By Bob Garver
One should take my opinion of “The Hobbit: An Unexpected Journey” with a grain of salt because I’ve never much cared for the “Lord of the Rings” series. It is no secret that I consider the entire franchise to be nonsensical, confusing, and overlong with poor special effects. At the same time, I am aware of the massive popularity, both critically and commercially, of the previous films in of series. Clearly there are many fans that see something in these films that I do not. These same people may see the same things in “The Hobbit: An Unexpected Journey”. But I say that the new film is nonsensical, confusing, and overlong with poor special effects.
The film is the first of a trilogy that precedes the “Lord of the Rings” series. Young Hobbit Bilbo Baggins (Martin Freeman) is chosen by great wizard Gandalf the Grey (Ian McKellan) to help a troop of Dwarves led by deposed prince Thorin (Richard Armitage) reclaim their lost kingdom from an evil dragon named Smaug. Gandalf introduces the Dwarves to Bilbo by inviting them to a dinner party at Bilbo’s house without telling him. The Dwarves are crude guests and Bilbo is understandably flustered by the ordeal. I’m not sure why Gandalf would think that imposing hosting duties on Bilbo would entice him to join the journey (as opposed to inviting him to a properly-planned dinner party to prove that he takes care of his friends), but inexplicably it works, and come morning Bilbo decides to leave his comfort zone and join the team.
Throughout the rest of the film, the Hobbit and the Dwarves encounter Orcs, Trolls, Elves, and Goblins. All these offensive words for short people are represented as distinct races. We get cameos from familiar “Lord of the Rings” characters like Elrond (Hugo Weaving), Galadriel (Cate Blanchett), and Saruman (Christopher Lee). The story is told in flashback, so we also briefly see an older Bilbo (Ian Holm) and even a quick appearance by Frodo (Elijah Wood). But by far the best returning character is Gollum (Andy Serkis), who shows up for a creepy standoff with young Bilbo that results in the well-documented loss of His Precious.
The motion-capture effects on Gollum are well done, probably because Serkis is such an expert with the technology. I cannot say that the rest of the visual effects are handled so expertly. At no point does it look like the majority of creatures are anything other than bad CGI. The absolute worst characters, however, are the laughable rock monsters that endanger the heroes on a narrow mountain path. These creatures swipe at each other clumsily while the actors shield themselves from debris thrown at them from off-camera. Honestly, the film should never have bothered with the rock monsters, as they aren’t important to the story. I also could have done without the trolls, who do little more than behave grossly, and the goblins, who are about as interested in self-preservation as a slice of lemmings.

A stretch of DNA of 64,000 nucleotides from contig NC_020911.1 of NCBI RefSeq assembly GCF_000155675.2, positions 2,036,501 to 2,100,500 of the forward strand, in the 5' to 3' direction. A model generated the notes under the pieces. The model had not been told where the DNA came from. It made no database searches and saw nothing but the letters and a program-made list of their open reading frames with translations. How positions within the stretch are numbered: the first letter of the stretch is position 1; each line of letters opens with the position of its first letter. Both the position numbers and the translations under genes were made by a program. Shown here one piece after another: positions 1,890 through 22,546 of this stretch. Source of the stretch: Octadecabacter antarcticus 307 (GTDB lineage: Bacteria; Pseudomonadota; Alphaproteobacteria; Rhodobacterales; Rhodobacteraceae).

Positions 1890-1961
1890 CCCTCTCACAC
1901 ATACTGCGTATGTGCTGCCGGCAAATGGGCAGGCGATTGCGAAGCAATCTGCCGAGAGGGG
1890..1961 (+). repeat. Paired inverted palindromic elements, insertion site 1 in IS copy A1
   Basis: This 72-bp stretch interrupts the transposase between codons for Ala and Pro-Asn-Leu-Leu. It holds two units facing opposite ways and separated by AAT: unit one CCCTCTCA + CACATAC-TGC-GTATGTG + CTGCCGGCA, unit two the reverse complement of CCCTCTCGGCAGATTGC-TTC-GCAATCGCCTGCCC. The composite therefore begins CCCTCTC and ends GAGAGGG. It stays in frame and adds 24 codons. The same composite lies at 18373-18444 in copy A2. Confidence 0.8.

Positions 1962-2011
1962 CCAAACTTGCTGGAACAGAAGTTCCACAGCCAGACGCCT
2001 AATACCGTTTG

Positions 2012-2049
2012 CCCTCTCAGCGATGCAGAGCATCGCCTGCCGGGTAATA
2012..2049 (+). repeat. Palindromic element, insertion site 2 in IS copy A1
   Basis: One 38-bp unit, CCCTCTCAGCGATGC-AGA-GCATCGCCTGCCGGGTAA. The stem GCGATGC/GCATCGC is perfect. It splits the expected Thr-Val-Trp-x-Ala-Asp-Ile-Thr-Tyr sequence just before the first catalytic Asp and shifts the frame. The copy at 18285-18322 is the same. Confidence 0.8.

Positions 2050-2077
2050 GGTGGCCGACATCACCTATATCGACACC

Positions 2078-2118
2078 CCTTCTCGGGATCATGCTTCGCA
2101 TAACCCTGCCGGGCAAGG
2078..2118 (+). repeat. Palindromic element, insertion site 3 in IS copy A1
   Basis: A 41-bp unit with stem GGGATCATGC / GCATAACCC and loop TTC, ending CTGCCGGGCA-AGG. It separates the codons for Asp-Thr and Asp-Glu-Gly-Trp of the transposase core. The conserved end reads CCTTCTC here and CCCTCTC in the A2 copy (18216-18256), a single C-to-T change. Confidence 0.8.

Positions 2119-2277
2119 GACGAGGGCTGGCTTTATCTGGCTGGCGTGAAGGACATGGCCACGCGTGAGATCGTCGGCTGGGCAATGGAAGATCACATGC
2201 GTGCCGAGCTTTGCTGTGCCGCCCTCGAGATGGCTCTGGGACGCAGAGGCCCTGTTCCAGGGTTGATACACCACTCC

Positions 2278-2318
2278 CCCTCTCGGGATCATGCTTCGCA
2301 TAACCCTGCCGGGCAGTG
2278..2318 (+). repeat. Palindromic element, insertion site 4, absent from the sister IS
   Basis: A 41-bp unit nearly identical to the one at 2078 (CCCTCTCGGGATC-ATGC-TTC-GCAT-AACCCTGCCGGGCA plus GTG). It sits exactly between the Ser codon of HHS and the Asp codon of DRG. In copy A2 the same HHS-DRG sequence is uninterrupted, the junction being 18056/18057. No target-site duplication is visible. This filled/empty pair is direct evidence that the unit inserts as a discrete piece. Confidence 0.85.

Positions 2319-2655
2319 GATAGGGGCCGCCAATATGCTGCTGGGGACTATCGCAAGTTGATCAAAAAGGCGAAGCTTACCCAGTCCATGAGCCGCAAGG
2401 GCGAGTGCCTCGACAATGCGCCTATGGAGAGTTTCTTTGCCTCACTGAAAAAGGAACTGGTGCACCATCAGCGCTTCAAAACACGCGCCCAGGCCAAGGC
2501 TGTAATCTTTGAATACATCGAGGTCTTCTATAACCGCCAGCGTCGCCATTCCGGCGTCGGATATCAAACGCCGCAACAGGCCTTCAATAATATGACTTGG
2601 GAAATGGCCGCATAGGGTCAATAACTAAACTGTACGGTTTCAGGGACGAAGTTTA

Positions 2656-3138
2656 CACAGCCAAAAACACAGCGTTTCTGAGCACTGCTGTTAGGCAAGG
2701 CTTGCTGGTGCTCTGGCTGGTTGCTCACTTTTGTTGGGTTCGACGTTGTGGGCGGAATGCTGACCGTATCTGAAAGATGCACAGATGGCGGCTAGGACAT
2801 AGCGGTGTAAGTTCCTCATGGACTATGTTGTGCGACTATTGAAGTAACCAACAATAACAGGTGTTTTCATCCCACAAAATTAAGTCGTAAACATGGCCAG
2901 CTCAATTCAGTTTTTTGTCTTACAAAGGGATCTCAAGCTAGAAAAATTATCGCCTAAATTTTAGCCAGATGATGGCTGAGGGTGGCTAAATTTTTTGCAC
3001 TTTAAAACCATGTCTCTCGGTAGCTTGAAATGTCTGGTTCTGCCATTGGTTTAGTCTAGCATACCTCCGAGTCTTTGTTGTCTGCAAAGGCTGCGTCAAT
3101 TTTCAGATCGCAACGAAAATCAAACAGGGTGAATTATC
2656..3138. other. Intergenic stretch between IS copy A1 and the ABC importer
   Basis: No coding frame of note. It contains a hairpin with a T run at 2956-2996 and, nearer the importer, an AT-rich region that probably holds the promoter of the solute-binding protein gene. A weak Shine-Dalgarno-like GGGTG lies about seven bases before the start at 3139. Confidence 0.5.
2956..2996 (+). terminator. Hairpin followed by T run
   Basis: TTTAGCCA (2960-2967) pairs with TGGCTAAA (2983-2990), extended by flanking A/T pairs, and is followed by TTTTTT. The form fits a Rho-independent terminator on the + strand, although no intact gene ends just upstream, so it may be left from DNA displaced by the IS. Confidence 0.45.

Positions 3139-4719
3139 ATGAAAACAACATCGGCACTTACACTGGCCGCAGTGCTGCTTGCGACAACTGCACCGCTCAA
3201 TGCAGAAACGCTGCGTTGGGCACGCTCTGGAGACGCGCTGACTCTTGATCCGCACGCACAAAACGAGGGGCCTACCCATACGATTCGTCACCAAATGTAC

As “An Unexpected Journey” is the first chapter of a “Hobbit” trilogy, it depresses me to think that I’ll have to see two more of these lousy movies over the next two Christmases. I suppose I should be grateful that it’s only two more, since these movies make a ton of money and the powers-that-be would surely churn out more hopeless sequels if they could. To me, the film is as painful as all of the films in the “Lord of the Rings” series. But then again, I’m seemingly one of very few who consider the “Lord of the Rings” series to be painful. So I’m perfectly prepared for fans to once again tell me that I’m wrong. But if you loathe the film as much as I do, don’t say I didn’t warn you.
One and a Half Stars out of Five.
“The Hobbit: An Unexpected Journey” is rated PG-13 for extended sequences of intense fantasy action violence, and frightening images. Its running time is 169 minutes.
Contact Bob Garver at [email protected].
“The Hobbit: An Unexpected Journey”